"By the fall of 1860, Southfork Ranch was well on its way as the leader of the territory. The first thousand head of Southworth Texas longhorns were driven north to market on the new Chisholm Trail"

This was when Miss Ellie's grandfather, Enoch Southworth, the founder of Southfork Ranch owned and operated the enterprise.

"Young Aaron's acceptance of new ranching ideas, integrating them compatibly with the old ways, brought even greater prosperity to Southfork. In the late 1880s, when the cattle trails to markets were more easily traveled, when the trains were more efficiently shipping beef to the north and east, he was responsible for Southfork's being one of the first ranches to raise less-tough, fatter cattle and slowly diminish their number of longhorns. "Daddy," he explained, "for every one of 'em with those eight-feet horns, I can git three Herefords on the boxcar." More revenues poured into the Southfork chest."

Aaron was the son and only child of Enoch Southworth and future father of Miss Ellie.

"For Ellie it was a magical place to grow up in, a peaceful place that also held many moments of exquisite excitement: calving time, the roundups, the rodeos, the auctions in Fort Worth. Southfork cattle were commanding some of the highest prices in the state, bulls and new breeds won prizes every year at the State Fair in Dallas, and money, well, it was just there, lots of it."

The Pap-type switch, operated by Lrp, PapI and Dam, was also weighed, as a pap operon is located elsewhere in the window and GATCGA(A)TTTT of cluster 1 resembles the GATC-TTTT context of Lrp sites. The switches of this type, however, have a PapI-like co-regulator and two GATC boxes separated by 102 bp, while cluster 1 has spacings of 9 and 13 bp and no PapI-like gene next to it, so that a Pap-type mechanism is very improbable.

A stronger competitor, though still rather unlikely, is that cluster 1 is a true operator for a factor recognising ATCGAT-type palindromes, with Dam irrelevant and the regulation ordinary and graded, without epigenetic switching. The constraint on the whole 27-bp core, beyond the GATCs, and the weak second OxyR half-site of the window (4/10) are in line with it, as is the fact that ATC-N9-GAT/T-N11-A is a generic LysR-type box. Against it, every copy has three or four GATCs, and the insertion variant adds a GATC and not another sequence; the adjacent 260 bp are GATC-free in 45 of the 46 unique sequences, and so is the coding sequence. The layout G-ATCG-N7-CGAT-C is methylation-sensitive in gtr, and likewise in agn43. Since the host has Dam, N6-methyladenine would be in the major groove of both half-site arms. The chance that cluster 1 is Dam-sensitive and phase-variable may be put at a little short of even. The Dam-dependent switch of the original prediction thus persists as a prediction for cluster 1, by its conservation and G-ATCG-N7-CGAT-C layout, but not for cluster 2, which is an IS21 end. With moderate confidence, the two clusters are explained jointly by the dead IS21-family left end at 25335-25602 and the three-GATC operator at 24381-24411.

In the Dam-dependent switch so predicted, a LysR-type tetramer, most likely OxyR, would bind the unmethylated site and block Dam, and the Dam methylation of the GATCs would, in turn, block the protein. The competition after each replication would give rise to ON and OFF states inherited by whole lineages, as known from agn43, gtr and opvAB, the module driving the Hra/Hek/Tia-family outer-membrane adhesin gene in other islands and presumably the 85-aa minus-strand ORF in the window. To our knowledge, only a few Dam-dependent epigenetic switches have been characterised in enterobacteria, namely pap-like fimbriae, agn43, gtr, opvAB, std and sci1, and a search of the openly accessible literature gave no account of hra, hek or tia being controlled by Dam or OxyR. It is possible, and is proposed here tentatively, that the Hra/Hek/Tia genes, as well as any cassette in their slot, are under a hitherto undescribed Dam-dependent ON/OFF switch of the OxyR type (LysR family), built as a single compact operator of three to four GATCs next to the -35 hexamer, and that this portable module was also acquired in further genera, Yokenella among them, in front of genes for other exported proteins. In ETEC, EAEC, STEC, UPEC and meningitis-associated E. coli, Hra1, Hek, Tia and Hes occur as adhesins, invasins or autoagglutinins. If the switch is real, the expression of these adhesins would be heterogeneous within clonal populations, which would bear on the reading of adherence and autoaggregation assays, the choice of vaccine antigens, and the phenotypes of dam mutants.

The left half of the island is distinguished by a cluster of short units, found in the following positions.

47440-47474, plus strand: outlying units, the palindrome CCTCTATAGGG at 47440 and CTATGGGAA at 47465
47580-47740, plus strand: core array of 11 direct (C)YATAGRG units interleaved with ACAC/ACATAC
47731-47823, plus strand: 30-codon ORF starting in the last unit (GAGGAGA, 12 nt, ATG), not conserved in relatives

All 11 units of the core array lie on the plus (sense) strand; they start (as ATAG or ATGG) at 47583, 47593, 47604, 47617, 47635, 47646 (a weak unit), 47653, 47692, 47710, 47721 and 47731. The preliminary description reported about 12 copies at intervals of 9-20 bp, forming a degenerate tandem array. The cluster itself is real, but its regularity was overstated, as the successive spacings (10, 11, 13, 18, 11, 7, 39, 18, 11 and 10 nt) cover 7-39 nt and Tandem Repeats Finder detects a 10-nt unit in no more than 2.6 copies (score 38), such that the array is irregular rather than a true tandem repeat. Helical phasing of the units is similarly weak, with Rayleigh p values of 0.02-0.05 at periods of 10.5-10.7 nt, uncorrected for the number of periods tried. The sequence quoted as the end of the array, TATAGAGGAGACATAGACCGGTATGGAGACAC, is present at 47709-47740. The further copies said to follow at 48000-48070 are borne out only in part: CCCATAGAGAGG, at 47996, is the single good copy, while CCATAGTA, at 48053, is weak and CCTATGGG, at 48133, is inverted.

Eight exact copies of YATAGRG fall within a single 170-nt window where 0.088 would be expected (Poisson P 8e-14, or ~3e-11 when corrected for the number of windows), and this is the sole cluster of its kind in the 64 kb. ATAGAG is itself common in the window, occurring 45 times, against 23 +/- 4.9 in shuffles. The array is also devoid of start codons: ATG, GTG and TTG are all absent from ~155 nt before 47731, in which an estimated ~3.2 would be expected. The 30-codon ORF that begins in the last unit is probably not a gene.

Of course Miss Ellie went on to marry Jock Ewing. You know the rest of it.

"Today, Southfork is a mighty ranch out of the past, though it is slightly different with the times. Its traditions continue: the riding, roping, branding of cattle (some of the state's finest Charolais, Angus, and Santa Gertrudis),"

Quotations taken from this website if you want to read more about it:
http://www.ultimatedallas.com/episodegu ... hfork.html
Very Interesting-----
 

Frankie

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blackgloves":35digipc said:
I see lots of posts here on this website about people owning Longhorns and I'm very curious on why someone would choose this breed. Here in TX, longhorn cattle get ran outta auctions leaving the previous owners pretty light on they're pockets. I have always seen them as a trash breed. Sorry to be so harsh but here in TX they are looked at as a "display" breed. Meaning mostly richy "ranchers" in the inner cities buy around 10 acres some where out of the city limits then buy a small amount of longhorns for show.

discuss

There are more ways to make money in the cattle business besides hauling to the sale barn. Most of us aren't going to get rich raising cattle. So, IMO, we should raise what we like to look at/deal with. I like my black Angus. That we've made money on them helps, too.